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Gut Check: Do You Know How Others See You?

15-05-11 2 McDonalds CEO

As leaders, we rarely see ourselves as others see us. And that’s too bad, because the impression we create with others matters. Leaders are judged constantly and if we can’t communicate effectively or project a strong presence, our leadership is undermined.

This is why in many of our leadership development programs, we include an activity that always challenges participants to project an effective leadership presence.

Early in the session, we take participants one by one and do an off-the-cuff video of them sharing their personal perspectives on leadership. They are given no time to prepare and must respond to the questions on the spot. It’s a real challenge that evokes lots of anxiety and a lot of awkward responses.

This exercise is a reminder that no matter how accomplished a leader may be, many of us struggle to articulate our ideas in a clear and concise manner.

The learning really happens when participants review their own videos.

Most of the participants are alarmed at what they see: poor use of speech, ticks and mannerisms that detract from their personal presence and leave a bad impression.

At the end of the program, we shoot another video and what we find is a dramatic improvement in how the leaders show up. Their clarity is stronger. Their messages are delivered with greater conviction.

All of us as leaders need to be aware of how we show up to others. It’s with this backdrop, that I find the recent video of McDonald’s CEO, Steve Easterbrook, McDonald’s to be a fascinating lesson in leadership. [Tweet “McDonald’s CEO video fail: A facinating lesson in Leadership #communication #impression”]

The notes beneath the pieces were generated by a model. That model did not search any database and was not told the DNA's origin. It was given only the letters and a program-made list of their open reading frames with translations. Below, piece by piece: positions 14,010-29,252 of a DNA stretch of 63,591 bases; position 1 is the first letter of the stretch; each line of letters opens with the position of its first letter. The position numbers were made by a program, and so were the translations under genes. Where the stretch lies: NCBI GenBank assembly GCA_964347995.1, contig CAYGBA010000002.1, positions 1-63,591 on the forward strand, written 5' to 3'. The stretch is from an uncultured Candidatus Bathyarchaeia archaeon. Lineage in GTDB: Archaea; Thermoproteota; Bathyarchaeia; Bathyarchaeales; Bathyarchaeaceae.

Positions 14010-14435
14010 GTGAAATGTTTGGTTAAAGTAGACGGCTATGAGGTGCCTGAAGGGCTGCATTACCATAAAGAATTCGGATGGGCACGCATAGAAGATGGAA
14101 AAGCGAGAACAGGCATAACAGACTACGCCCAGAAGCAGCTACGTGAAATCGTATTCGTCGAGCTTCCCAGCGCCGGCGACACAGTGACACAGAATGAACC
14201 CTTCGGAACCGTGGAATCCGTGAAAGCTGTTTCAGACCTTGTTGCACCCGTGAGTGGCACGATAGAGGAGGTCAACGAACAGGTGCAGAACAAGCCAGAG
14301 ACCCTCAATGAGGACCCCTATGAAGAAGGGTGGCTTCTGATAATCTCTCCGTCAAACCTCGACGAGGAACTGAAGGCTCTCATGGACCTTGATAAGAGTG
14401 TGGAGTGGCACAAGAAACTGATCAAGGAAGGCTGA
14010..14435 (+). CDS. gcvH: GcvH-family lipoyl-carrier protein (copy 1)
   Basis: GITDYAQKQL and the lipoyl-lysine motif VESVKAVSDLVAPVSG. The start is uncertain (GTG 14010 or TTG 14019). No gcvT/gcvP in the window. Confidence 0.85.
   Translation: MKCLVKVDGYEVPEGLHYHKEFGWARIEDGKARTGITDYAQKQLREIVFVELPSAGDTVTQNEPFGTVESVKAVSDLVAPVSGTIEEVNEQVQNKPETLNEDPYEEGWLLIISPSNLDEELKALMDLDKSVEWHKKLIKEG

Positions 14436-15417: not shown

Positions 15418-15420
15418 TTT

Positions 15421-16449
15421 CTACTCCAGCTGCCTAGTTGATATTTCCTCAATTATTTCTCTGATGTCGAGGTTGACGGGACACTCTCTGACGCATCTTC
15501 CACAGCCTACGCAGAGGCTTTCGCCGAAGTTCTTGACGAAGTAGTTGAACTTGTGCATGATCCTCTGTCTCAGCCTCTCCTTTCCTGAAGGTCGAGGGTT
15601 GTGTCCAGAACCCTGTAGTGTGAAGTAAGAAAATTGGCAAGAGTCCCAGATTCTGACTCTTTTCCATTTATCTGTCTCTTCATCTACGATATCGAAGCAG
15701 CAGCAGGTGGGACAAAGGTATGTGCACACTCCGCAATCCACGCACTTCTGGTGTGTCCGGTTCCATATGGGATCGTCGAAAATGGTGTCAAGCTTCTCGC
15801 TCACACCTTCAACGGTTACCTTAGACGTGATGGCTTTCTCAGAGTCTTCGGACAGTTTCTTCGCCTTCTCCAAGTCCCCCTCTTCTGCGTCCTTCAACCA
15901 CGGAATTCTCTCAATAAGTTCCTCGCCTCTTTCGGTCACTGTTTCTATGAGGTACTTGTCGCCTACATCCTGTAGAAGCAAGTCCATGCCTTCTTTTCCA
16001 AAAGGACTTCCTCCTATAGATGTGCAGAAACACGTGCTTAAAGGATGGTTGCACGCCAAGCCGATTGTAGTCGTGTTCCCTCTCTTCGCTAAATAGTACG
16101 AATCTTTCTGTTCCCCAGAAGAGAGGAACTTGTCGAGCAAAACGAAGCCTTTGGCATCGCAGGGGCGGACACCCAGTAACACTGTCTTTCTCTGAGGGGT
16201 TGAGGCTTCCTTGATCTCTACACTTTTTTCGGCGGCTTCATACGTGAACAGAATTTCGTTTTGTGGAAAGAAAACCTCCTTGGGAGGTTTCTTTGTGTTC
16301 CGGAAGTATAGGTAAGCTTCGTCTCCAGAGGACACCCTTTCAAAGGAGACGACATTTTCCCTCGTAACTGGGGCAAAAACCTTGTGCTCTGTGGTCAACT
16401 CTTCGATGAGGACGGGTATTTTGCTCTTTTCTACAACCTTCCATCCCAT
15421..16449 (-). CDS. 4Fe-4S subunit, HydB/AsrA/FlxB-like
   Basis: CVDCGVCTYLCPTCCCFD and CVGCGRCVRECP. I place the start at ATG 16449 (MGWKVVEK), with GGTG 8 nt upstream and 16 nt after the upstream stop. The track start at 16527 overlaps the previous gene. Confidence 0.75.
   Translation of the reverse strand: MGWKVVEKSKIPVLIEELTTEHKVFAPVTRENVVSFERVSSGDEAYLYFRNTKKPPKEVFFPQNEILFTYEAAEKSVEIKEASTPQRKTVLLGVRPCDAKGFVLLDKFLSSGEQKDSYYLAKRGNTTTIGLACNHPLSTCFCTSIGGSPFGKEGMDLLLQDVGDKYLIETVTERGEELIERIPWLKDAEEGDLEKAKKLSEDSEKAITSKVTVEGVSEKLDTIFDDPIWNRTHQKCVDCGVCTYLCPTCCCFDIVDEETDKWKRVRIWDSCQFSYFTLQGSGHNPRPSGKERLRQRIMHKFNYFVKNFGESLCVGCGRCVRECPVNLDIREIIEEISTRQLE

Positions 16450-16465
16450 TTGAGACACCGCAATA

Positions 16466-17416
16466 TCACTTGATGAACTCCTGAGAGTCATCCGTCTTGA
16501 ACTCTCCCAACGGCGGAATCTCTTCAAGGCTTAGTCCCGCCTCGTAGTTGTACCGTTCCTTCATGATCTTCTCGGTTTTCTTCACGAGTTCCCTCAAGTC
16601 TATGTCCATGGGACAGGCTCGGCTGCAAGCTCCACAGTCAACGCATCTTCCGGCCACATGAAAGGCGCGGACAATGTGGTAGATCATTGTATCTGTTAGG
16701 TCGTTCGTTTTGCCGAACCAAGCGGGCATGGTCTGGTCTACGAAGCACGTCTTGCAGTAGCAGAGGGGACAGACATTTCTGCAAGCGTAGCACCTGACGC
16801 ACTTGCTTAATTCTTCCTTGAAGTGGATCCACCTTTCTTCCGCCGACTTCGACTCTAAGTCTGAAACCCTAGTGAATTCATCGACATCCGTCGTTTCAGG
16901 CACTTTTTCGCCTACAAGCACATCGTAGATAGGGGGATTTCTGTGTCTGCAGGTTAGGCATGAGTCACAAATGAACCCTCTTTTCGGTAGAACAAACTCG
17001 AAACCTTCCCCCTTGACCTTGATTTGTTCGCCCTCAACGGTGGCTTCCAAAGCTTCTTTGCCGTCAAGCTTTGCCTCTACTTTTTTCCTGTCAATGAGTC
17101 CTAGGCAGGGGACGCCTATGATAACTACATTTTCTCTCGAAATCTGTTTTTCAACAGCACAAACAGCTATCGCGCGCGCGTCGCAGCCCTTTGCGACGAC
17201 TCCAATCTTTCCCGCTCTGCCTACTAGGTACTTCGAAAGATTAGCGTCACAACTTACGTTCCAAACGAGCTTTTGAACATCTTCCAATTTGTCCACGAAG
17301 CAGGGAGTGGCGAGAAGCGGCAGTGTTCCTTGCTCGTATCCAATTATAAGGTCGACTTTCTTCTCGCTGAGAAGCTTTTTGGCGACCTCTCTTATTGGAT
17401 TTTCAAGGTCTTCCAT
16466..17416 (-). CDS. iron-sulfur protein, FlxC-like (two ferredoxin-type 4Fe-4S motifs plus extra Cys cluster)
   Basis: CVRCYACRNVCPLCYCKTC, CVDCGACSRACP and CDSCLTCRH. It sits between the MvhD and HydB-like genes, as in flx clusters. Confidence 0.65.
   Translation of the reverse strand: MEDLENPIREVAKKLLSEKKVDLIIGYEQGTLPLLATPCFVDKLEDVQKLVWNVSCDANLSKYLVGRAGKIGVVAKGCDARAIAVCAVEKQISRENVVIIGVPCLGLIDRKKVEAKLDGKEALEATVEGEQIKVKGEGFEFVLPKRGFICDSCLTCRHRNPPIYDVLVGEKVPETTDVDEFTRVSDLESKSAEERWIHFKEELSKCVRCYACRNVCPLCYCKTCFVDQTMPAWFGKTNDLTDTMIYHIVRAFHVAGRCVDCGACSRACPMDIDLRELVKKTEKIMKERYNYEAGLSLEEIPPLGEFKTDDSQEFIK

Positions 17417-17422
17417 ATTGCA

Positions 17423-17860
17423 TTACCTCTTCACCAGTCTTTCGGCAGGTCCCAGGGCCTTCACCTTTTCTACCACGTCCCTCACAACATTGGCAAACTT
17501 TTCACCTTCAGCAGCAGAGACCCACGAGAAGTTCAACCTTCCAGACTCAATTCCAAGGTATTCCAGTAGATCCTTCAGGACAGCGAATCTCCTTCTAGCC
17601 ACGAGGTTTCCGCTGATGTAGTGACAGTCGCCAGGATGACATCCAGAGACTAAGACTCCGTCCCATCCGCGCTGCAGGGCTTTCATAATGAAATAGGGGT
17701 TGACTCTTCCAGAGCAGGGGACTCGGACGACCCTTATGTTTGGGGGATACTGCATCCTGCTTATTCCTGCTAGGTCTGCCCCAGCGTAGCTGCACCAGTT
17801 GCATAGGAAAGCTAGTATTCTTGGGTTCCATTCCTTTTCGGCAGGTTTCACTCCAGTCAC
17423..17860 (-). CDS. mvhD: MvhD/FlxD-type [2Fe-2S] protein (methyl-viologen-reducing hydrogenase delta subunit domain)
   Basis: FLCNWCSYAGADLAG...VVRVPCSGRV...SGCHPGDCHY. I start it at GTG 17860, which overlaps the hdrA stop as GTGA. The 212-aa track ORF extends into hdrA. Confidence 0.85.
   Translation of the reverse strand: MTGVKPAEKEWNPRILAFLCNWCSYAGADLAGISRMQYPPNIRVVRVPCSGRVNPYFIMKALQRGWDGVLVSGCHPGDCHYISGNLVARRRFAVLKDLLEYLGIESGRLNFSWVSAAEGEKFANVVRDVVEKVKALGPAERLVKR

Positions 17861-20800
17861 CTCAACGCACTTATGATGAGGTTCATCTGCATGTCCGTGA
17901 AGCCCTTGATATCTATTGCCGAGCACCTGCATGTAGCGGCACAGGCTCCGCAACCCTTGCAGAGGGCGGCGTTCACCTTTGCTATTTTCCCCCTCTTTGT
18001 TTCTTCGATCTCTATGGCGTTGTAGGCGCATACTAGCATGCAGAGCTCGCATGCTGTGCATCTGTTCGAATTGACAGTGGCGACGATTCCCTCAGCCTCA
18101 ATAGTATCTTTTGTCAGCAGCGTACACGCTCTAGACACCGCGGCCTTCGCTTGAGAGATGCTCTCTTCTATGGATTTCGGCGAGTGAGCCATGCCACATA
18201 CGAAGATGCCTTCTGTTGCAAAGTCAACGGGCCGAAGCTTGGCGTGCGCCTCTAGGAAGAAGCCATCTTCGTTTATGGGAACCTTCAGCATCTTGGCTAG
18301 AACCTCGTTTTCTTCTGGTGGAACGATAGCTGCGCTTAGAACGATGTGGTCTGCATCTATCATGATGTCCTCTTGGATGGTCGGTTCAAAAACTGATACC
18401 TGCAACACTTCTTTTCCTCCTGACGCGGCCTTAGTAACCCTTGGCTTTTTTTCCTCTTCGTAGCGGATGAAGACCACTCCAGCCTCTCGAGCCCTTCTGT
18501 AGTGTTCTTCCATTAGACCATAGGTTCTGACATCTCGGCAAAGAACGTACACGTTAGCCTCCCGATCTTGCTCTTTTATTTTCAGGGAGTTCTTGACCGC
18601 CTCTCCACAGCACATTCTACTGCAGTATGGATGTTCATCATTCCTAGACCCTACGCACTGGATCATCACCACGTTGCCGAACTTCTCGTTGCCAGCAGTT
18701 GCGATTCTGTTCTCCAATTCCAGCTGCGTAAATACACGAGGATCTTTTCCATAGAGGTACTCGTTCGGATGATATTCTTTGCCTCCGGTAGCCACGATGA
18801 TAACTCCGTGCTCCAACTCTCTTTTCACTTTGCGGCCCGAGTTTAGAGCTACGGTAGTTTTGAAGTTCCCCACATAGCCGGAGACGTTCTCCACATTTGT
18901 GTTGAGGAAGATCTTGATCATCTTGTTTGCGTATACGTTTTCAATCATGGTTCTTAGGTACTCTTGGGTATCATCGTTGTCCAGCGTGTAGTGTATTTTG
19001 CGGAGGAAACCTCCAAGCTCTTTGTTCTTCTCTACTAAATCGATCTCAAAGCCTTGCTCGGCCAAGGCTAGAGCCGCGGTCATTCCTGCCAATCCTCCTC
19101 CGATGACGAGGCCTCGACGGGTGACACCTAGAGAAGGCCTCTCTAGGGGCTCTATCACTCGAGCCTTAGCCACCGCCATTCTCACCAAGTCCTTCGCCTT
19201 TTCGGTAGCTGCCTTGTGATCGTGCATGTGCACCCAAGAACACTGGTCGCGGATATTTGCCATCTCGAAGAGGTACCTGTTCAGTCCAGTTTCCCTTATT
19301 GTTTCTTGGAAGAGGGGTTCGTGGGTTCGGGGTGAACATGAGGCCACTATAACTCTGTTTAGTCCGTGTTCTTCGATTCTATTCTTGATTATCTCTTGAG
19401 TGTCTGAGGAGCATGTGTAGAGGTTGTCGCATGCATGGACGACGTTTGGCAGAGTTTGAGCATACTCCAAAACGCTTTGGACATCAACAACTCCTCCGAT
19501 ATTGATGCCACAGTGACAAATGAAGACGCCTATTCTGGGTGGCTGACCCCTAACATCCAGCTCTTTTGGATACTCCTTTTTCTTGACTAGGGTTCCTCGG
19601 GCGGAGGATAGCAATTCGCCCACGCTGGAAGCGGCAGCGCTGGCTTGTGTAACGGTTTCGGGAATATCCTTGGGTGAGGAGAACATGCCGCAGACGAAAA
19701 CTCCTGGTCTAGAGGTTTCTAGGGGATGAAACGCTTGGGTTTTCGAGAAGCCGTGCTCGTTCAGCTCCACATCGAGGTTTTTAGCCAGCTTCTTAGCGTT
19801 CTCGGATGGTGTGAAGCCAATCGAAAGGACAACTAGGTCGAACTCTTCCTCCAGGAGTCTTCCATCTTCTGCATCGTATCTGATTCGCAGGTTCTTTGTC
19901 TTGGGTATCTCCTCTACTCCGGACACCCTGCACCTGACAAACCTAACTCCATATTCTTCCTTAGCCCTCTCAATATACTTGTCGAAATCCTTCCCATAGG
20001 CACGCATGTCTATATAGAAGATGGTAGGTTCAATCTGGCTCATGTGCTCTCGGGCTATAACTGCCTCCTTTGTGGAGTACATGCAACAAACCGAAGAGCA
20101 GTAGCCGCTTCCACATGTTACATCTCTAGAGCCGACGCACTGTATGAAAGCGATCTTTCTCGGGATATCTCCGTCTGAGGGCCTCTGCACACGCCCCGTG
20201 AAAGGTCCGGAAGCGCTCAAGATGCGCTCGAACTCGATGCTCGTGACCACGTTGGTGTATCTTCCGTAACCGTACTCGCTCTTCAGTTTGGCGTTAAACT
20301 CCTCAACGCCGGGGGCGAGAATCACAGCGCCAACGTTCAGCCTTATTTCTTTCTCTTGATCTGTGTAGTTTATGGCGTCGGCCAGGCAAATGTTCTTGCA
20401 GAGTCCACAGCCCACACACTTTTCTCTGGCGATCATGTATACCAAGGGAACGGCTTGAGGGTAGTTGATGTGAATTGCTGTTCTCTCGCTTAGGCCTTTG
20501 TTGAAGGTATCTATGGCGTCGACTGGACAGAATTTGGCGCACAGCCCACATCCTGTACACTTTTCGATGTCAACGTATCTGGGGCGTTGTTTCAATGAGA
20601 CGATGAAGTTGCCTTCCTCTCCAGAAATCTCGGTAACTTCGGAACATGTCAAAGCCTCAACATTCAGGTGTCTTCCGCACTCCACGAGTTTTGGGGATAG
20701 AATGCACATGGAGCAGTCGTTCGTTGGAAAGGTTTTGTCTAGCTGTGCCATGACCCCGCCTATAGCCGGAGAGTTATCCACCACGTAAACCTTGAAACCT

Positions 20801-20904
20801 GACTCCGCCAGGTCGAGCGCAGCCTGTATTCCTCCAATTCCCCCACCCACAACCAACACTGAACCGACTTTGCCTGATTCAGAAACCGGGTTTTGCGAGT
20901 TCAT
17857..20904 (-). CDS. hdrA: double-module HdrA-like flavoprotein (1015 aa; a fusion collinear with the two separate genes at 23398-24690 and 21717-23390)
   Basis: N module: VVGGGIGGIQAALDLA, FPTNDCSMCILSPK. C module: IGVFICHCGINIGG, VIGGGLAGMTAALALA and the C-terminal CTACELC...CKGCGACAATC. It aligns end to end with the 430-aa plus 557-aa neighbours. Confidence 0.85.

As a company, McDonald’s has become a slumping burger empire. Faced with declining profits and increased skepticism about its hiring practices, Easterbrook was charged with devising a plan to breathe life back into the iconic fast-food. He presented that plan on May 4 in a 23-minute video address.

The goal was to explain how McDonald’s was adopting a new culture that embraced risk and sought to create “brand excitement.”

The only problem was that the video was exceedingly staid and boring. In fact, some observers remarked that Easterbrook’s State of the Golden Arches address was the exact opposite of what he was trying to preach. “It’s practical, but for a company that had been preaching in its last earnings update about taking more risk, it certainly seems to be lacking that,” R.J. Hottovy, a senior analyst with Morningstar, told Mashable. “It doesn’t seem like it’s taking a leadership position, just catching up.”

According to multiple reports, Easterbrook barely changed expression over the entire 23 minutes. His tone was, well, monotone. Even as he said he would do anything to turn around the giant burger empire, he seemed to lack the conviction and passion that he promised to bring back to the company.

The speech was watched closely by industry experts and investors, and the reviews were not good. McDonald’s stock dropped one per cent in trading immediately following release of the video.

Just take a moment to consider this: a CEO’s video is seen as underwhelming and the company stock immediately drops as a result of it. It’s a true testament to the scrutiny and realities that leaders face in today’s world.

By any measurement, Easterbrook failed miserably. Despite billing himself as an “internal activist” and a “constructive agitator,” how he showed up in the video as a passionless, and his tone and style simply didn’t align with his core message.

In order to re-establish the dominance of McDonalds in the fast food industry, the company will need new and exciting products along with a renewed sense of commitment to delivering a quality product combined with great customer service. This is no small feat and will require significant effort.

Unfortunately for Easterbrook, the impression he left with his video has already made his task harder. Instead of everyone talking about what needs to be done, everyone is talking about his video. He has created a distraction at a time when his company needs to have a laser focus on the turnaround.

I’m sure that wasn’t part of his plan, but now for the sake of the company and its employees and shareholders, one can only hope that he manages the comeback plan better than he described it.

This week’s Gut Check asks: Do you know how others see you?


Follow me @VinceMolinaro

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About the Author

Vince Molinaro is a speaker, consultant, executive at Lee Hecht Harrison, and author of the New York Times bestseller The Leadership Contract now in its third edition.

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